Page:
History[edit]

The genesis of the RAF Regiment was with the creation of No. 1 Armoured Car Company RAF in 1921 for operations in Iraq,[5] followed shortly afterwards by No. 2 Armoured Car Company RAF and No. 3 Armoured Car Company RAF. These were equipped with Rolls-Royce armoured cars and were highly successful in ground combat operations throughout the Middle East in the 1920s and 1930s. The RAF Regiment came into existence, in name, on 1 February 1942.[6] From the start it had 66,000 personnel drawn from the former Defence Squadrons No.'s 701-850.[7] The new regiment was made up of both field squadrons and light anti-aircraft squadrons, the latter originally armed with Hispano 20mm cannon and then the Bofors 40 mm anti-aircraft gun. Its role was to seize, secure and defend airfields to enable air operations to take place. Several parachute squadrons were formed to assist in the seizing of airfields and No. II Squadron retains this capability. 284 Field Squadron was the first RAF unit to arrive in West Berlin in 1945 to secure RAF Gatow.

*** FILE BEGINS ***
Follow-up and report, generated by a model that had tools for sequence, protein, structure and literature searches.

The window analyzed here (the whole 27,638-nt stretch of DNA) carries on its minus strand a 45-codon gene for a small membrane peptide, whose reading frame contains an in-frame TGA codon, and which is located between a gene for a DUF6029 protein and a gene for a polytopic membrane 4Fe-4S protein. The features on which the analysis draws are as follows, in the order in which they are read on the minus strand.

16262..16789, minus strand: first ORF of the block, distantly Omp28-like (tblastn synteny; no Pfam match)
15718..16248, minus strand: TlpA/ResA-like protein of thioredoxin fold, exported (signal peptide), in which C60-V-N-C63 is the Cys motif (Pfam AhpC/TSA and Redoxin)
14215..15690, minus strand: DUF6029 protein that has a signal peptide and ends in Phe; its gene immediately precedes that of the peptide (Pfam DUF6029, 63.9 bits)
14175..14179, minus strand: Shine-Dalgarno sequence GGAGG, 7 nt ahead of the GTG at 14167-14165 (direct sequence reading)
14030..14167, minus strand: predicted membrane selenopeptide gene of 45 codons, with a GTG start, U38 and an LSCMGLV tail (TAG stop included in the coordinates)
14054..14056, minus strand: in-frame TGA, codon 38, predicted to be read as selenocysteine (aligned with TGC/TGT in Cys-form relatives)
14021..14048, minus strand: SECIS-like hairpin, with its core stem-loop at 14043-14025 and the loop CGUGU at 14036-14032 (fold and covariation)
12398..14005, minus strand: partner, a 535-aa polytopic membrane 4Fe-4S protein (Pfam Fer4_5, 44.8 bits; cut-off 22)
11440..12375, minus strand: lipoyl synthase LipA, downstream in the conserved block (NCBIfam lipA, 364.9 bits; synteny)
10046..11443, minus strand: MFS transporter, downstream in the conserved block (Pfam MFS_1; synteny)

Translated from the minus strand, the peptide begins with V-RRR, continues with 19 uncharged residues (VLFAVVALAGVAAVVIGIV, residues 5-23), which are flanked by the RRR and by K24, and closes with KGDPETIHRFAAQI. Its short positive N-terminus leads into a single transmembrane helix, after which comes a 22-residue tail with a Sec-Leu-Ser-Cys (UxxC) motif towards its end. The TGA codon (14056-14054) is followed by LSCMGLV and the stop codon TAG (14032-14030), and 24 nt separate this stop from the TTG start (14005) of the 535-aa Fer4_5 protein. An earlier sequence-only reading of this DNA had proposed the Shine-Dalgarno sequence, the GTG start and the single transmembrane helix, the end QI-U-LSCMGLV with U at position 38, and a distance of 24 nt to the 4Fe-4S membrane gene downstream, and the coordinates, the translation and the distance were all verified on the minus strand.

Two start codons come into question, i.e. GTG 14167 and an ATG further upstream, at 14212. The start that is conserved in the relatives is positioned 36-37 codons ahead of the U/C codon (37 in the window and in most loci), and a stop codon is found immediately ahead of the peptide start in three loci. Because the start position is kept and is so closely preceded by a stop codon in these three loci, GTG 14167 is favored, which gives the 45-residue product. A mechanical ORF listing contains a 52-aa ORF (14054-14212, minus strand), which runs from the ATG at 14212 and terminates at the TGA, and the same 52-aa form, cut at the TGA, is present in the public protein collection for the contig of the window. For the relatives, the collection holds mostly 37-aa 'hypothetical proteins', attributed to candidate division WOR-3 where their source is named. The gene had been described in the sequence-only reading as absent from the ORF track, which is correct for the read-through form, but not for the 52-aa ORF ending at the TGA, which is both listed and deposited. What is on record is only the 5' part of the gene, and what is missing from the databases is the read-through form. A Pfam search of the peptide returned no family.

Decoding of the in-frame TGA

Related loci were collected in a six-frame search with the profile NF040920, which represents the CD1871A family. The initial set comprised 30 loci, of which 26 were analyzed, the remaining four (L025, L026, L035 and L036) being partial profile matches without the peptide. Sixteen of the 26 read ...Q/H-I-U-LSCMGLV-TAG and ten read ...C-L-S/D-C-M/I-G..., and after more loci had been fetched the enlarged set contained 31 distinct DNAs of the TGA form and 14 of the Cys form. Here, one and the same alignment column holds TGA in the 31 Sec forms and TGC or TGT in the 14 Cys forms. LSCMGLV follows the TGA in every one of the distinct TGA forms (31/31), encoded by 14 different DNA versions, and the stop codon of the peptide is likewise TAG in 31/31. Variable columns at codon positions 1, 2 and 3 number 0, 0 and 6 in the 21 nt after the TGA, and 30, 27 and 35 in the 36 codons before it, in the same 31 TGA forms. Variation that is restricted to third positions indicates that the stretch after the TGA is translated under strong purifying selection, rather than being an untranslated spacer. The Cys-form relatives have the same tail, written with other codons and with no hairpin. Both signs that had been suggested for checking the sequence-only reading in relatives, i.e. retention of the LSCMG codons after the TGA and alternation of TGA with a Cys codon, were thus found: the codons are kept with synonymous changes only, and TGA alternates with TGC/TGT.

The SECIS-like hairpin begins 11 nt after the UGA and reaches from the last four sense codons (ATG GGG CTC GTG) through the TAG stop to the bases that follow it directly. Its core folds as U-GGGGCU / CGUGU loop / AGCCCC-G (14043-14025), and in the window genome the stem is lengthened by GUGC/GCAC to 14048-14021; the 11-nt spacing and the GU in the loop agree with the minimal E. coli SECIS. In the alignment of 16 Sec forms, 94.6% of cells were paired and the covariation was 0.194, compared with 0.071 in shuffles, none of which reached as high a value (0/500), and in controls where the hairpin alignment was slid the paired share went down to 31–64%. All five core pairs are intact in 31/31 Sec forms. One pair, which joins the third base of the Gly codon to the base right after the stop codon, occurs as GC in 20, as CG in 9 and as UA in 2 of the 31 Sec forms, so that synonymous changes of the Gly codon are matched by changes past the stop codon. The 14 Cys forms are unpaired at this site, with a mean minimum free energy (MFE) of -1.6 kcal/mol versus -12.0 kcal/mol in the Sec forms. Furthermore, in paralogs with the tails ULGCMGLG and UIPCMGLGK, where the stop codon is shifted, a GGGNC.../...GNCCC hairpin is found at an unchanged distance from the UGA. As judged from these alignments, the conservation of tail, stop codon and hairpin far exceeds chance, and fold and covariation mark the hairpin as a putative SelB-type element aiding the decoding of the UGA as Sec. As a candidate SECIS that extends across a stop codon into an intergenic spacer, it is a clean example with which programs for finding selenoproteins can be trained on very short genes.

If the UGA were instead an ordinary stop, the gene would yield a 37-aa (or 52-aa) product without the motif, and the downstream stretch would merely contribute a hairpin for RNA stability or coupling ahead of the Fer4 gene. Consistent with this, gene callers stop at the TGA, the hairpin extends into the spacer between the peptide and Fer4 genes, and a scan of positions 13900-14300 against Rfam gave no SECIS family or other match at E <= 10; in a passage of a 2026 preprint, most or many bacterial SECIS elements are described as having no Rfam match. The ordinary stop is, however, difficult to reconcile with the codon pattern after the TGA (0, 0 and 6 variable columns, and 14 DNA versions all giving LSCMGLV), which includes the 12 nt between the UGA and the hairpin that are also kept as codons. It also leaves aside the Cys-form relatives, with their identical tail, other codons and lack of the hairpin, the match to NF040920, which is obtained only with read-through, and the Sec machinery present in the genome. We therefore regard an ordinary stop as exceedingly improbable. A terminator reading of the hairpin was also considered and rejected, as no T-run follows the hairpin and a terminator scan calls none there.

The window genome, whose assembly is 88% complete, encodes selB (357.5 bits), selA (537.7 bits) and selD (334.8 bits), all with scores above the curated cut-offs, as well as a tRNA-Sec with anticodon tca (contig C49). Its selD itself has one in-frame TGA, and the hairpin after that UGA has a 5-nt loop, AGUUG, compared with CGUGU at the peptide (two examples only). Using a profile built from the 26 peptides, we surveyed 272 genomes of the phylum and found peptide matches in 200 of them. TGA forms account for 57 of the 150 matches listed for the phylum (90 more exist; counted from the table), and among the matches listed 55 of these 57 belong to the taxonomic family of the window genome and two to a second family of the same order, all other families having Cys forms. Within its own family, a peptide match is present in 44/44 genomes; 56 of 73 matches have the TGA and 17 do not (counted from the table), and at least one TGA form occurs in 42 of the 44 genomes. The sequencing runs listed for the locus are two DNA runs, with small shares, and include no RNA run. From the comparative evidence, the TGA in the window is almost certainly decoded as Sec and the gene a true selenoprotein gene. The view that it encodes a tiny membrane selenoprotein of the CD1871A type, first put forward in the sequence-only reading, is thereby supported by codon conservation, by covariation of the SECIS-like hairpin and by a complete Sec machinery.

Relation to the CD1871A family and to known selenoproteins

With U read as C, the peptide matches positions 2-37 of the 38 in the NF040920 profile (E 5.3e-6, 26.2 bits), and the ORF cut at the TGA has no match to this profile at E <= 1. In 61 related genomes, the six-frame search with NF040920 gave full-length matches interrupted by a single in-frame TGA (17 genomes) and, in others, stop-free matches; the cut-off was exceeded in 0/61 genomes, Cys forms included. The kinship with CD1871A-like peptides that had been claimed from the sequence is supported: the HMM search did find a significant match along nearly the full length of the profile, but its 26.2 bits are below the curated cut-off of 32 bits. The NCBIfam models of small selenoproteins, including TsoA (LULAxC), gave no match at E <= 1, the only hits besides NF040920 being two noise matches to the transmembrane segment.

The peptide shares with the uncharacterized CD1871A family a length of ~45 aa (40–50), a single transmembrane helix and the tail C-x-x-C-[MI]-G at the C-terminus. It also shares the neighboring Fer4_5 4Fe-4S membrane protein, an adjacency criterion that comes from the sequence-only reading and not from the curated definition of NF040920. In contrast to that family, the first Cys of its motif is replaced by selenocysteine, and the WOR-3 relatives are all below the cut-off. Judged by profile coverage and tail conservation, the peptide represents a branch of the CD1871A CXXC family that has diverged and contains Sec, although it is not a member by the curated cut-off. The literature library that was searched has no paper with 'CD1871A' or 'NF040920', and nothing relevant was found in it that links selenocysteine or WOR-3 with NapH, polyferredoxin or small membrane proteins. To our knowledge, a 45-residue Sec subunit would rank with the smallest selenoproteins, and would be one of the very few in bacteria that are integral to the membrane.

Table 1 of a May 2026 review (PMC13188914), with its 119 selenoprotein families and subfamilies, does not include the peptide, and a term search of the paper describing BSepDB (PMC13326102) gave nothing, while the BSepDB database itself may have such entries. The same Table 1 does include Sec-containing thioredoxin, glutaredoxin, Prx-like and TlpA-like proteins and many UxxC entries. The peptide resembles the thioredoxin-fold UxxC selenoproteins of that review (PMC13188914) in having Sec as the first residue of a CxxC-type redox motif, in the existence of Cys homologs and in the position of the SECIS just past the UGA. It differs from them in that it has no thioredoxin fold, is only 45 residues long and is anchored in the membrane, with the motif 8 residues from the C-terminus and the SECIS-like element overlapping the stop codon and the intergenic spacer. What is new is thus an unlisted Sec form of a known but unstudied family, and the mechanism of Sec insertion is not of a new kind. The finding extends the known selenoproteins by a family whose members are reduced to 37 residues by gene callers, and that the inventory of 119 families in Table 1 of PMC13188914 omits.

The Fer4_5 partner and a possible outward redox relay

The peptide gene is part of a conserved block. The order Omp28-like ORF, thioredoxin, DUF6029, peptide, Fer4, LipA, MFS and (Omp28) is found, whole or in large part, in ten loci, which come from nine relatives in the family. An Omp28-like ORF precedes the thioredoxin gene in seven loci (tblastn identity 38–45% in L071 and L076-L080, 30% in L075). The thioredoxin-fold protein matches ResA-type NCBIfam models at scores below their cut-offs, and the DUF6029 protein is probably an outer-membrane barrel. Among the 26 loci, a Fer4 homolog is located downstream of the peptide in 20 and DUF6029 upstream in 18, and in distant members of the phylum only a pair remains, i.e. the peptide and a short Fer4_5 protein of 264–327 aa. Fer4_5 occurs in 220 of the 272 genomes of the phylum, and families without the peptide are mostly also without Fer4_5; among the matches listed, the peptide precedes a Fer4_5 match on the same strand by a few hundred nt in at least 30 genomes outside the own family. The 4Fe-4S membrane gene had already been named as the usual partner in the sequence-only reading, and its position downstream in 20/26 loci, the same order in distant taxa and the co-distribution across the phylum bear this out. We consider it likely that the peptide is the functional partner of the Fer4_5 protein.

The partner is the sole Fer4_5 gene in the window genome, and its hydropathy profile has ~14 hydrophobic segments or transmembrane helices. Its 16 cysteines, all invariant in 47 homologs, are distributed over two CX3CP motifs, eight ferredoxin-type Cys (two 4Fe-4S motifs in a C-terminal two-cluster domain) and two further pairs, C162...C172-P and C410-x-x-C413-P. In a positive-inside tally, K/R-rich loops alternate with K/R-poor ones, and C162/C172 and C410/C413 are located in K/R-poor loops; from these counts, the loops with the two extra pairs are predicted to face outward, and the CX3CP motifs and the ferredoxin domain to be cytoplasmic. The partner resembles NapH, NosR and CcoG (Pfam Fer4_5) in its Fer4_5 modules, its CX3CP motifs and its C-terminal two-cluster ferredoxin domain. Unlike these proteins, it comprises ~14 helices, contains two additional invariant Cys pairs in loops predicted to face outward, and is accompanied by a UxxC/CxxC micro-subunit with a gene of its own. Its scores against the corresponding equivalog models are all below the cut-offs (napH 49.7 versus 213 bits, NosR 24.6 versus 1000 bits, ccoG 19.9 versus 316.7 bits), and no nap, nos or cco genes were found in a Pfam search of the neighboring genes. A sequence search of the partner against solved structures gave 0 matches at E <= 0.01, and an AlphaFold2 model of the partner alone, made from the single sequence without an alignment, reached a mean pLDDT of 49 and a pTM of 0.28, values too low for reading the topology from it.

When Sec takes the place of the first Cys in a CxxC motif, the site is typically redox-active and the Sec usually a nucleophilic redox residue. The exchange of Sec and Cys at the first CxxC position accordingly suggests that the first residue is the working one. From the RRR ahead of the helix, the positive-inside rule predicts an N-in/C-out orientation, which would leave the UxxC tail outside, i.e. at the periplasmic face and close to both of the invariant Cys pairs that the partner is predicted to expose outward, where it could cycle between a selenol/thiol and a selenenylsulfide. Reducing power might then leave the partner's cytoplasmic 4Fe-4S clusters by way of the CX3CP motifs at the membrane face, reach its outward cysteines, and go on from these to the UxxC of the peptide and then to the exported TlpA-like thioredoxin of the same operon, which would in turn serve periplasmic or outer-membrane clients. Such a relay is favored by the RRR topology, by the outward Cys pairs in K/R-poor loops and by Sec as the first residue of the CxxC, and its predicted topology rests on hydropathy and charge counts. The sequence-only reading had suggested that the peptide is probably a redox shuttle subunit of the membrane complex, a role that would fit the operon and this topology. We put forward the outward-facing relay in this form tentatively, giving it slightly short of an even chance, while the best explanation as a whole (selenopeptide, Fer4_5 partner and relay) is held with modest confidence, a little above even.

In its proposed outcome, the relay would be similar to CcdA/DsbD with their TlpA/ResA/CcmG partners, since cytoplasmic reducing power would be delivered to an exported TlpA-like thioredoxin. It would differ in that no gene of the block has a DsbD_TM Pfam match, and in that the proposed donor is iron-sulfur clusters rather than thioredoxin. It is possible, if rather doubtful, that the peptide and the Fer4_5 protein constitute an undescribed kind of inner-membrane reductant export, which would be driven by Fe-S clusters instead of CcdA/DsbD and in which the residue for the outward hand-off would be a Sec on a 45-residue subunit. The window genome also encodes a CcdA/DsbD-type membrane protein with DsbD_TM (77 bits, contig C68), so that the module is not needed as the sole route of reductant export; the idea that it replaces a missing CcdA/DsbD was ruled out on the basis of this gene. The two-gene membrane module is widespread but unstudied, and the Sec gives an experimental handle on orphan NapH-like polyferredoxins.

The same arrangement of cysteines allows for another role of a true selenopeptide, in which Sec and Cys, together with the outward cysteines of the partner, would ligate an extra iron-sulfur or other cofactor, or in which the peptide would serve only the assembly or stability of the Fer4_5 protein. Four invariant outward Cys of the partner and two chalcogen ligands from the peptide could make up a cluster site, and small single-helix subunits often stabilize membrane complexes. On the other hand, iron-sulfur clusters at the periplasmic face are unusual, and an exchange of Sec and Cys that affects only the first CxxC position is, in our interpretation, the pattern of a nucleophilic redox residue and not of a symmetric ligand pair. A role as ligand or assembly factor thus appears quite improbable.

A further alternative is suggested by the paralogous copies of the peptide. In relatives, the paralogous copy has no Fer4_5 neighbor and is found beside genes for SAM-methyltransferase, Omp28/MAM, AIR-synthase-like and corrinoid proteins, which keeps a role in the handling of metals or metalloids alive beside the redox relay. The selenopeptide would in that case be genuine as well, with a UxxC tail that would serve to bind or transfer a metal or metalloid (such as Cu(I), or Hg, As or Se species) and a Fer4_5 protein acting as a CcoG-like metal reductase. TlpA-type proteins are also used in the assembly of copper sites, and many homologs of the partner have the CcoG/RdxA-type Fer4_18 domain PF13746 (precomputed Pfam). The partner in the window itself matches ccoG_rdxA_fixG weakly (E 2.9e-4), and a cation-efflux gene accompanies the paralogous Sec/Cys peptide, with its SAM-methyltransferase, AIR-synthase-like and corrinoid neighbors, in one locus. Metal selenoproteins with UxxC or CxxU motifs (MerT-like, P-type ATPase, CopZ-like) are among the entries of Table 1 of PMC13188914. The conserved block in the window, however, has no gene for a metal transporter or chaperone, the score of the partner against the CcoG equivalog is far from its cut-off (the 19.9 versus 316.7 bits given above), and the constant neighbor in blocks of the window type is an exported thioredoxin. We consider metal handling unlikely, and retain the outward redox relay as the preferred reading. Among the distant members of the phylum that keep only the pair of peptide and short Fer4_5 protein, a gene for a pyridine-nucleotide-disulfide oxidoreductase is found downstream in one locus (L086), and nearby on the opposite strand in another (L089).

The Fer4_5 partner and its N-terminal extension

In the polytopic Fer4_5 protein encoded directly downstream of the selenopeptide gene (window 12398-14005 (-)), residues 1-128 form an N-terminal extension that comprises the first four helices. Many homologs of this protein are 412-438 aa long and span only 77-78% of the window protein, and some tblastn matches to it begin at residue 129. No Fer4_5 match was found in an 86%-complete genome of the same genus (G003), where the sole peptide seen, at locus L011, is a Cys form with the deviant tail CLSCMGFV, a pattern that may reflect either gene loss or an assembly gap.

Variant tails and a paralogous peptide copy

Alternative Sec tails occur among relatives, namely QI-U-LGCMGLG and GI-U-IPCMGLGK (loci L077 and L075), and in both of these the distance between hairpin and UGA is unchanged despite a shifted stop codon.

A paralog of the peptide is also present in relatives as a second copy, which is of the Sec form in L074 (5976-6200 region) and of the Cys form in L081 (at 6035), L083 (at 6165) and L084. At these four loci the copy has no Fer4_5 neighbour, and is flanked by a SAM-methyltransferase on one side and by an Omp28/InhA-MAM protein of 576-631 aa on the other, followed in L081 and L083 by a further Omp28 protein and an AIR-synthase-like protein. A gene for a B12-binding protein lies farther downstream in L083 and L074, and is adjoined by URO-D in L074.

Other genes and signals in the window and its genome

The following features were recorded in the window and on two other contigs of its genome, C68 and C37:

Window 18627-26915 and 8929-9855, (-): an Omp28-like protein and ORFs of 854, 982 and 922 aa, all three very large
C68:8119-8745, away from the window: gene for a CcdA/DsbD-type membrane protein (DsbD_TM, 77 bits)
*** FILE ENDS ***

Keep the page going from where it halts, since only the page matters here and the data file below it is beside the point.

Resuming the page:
An RAF Humber LRC in Middelburg, Netherlands during Operation Infatuate, November 1944

During the Second World War, with its first headquarters established at RAF Belton Park, Grantham, Lincolnshire the RAF Regiment grew to a force of over 80,000 men in 280 squadrons of 185 men each (each squadron including five officers). Squadrons usually consisted of a headquarters flight, three rifle flights, an air defence flight, and an armoured car flight. The flights were grouped together into wings as needed. It also operated six armoured car squadrons to provide an area response capability to several RAF stations.